One more example. The reader is hearing Carolyn think:
Carolyn worried about her son’s safety. Tommy was so impetuous. Sometimes he did dangerous things. And he was small for his age. The boy had been angry ever since his dad had left for the gold fields. Tommy didn’t obey her, and sometimes she would catch him scowling and staring at her. She wished Tommy had friends nearby but town was six miles away, and his closest friend, Jake, lived a mile away, on the other side of the river.
These are important thoughts—a mother concerned about her son—but they just aren’t interesting when presented inside the character’s mind. Here’s the way to show the same worries in action and dialogue:
She leaned out the open window. “Tommy, get away from that fire. That stump is going to burn all day and night, and don’t you get too near it.”
Her son stared at her, then stepped closer to the bonfire.
“Didn’t you hear me?” She crossed the parlor, lifting her apron so it wouldn’t trip her, and ran into the yard. “You get away from there.” She grabbed him by his suspenders and yanked him back.
“Dad would let me tend this fire.” He tried to swat her hand away. “He taught me how to burn these stumps and clear this field.”
“Your dad isn’t here.”
He was wearing hand-me-down wool pants. She had taken the hem up six inches. His gingham shirt was patched at the elbows.
His voice was piping. “Dad should have taken me with him. I want to dig for gold with him. I don’t want to go to school any more.”
“Your dad will send us train money soon, and we’ll go out to California. Then you can dig all the gold you want.” She led him away from the burning stump. “I’ll walk you over to John’s. You and he can ride his pony.”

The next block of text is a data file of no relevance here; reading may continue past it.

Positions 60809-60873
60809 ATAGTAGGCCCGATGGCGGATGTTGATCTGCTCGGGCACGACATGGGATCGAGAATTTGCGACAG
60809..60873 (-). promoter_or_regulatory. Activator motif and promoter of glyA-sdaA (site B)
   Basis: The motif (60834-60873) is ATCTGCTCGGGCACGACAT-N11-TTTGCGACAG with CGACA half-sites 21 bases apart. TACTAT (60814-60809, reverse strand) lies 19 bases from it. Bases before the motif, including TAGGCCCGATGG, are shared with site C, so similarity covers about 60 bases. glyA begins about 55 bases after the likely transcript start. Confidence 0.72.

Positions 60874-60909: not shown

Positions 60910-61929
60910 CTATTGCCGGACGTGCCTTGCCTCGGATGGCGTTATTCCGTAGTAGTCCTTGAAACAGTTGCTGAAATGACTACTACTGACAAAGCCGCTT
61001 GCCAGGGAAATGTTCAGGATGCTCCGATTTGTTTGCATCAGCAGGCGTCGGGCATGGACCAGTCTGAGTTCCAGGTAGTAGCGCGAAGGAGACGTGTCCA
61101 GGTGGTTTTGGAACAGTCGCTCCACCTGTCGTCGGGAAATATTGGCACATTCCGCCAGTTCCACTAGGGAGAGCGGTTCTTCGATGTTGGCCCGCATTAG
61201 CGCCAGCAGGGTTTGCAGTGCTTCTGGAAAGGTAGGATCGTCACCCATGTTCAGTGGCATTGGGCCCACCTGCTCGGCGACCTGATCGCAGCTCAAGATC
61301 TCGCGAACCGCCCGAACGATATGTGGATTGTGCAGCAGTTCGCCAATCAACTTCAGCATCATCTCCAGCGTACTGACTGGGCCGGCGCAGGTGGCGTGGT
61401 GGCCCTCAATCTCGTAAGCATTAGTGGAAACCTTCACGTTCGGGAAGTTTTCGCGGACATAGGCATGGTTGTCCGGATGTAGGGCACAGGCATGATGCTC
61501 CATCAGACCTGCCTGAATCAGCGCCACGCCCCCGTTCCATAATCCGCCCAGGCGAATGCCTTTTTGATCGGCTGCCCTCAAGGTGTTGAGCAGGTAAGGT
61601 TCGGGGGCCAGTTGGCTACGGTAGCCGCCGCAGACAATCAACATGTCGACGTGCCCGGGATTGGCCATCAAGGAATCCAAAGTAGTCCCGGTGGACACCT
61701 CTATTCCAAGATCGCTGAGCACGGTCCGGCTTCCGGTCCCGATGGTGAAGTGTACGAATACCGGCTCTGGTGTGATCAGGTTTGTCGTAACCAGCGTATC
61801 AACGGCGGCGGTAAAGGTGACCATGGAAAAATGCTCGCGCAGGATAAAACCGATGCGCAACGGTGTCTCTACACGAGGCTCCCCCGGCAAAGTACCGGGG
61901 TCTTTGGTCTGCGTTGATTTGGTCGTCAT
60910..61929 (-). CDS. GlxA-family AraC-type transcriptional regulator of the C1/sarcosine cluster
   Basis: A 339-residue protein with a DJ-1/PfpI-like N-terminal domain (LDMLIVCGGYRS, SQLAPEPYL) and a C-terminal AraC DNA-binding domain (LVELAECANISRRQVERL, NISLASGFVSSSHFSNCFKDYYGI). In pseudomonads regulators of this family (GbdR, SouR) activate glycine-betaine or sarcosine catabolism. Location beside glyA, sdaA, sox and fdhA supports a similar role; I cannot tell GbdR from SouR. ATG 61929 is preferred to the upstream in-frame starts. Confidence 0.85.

We learn about her worries without entering her mind for dull interior monologue, and it’s much more interesting for the reader because it is a scene, with action--the fire, her running out into the yard, Tommy trying to swat away her hand—and tense dialogue. We have shown the reader her worries.
Sometimes interior monologue is unavoidable. What if you can’t find a situation in which to show these thoughts, to show via action and dialogue what the character is thinking?
First, make sure the thinking is important. The character wondering whether to add mayonnaise to her sandwich isn’t worth forcing the reader to listen to her think about it. If the thoughts aren’t important, leave them out. In particular, avoid excessive introspection.
Second, make it short. Readers are smart, and they will intuit much of what the character is thinking with just a clue or two, without the writer setting it out in long paragraphs of interior monologue.
James Thayer’s thirteenth novel, The Boxer and the Poet; Something of a Romance, was published by Black Lyon Publishing in March 2008. He teaches novel writing at the University of Washington Extension School, and he runs a freelance editing service (www.thayerediting.com).